ABSTRACT. When values, norms, traditions and theories seem to have lost their compass, Kazuo Ishiguro provides his readers with a harsh lesson about moral values, for Never Let Me Go reinvents the definition of humans and replicas. Concomitantly, he destroys the identities of his characters, annihilates their past, cancels their future, pushing them towards an ephemeral present. In this regard, he develops a language of his own, making use of recurrent terms that engender the subtext of the novel. They are transparent words in their essence, which undergo a metamorphosis once the author sets pen to paper, generating multiple valences and scenarios, creating misgivings and frustrations, persuading the reader to reread, to deconstruct and to reassemble signs and meanings, forcing him to surrender and to follow his credo that words vibrate and communicate before they have been grasped. pp. 25–30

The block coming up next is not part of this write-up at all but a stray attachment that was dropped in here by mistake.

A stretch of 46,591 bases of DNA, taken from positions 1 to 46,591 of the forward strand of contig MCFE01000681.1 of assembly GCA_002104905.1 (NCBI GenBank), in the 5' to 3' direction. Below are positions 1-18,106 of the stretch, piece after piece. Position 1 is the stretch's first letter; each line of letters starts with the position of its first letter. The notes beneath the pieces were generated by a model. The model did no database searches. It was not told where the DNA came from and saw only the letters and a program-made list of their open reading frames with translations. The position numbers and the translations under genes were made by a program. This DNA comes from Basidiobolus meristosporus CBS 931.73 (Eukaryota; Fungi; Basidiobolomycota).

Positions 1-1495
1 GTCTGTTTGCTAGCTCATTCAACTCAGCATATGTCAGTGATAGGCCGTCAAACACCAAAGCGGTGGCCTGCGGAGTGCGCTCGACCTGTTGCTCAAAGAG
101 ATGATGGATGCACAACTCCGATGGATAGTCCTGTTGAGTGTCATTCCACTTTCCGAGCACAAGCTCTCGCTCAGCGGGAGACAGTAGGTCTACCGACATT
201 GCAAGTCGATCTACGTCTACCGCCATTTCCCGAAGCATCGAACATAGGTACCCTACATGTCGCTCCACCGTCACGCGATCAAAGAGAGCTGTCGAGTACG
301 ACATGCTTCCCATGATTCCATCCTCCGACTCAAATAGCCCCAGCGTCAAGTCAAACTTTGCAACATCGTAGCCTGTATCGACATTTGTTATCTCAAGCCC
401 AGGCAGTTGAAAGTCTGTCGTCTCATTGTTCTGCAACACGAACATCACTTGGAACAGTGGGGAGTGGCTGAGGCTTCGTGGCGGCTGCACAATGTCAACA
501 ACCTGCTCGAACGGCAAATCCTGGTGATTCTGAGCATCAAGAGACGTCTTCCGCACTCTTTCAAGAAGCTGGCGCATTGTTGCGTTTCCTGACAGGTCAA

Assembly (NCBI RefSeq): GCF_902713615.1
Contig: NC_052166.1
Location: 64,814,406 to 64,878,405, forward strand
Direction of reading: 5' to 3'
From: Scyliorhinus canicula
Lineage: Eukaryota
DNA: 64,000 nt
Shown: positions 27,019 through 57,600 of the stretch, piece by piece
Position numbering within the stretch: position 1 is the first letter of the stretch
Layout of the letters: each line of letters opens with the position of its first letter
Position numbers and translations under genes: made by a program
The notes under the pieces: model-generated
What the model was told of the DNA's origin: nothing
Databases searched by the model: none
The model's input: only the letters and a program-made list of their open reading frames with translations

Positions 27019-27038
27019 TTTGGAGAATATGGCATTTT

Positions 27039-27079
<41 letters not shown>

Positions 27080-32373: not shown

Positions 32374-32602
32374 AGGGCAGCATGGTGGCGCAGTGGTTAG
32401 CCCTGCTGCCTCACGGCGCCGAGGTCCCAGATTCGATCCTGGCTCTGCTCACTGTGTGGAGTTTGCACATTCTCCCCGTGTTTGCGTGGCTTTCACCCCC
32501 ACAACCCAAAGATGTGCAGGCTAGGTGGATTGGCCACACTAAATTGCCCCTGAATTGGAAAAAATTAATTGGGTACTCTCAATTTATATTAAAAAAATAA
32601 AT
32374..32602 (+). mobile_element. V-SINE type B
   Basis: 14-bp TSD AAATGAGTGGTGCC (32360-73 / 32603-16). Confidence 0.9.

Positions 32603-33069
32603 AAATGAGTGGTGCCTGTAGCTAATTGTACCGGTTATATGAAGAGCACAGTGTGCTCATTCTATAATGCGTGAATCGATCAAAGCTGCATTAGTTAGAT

Keywords: Kazuo Ishiguro; identity; subtext; humans; replicas; misgiving; metamorphosis; ambiguity

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University of Bucharest, Romania

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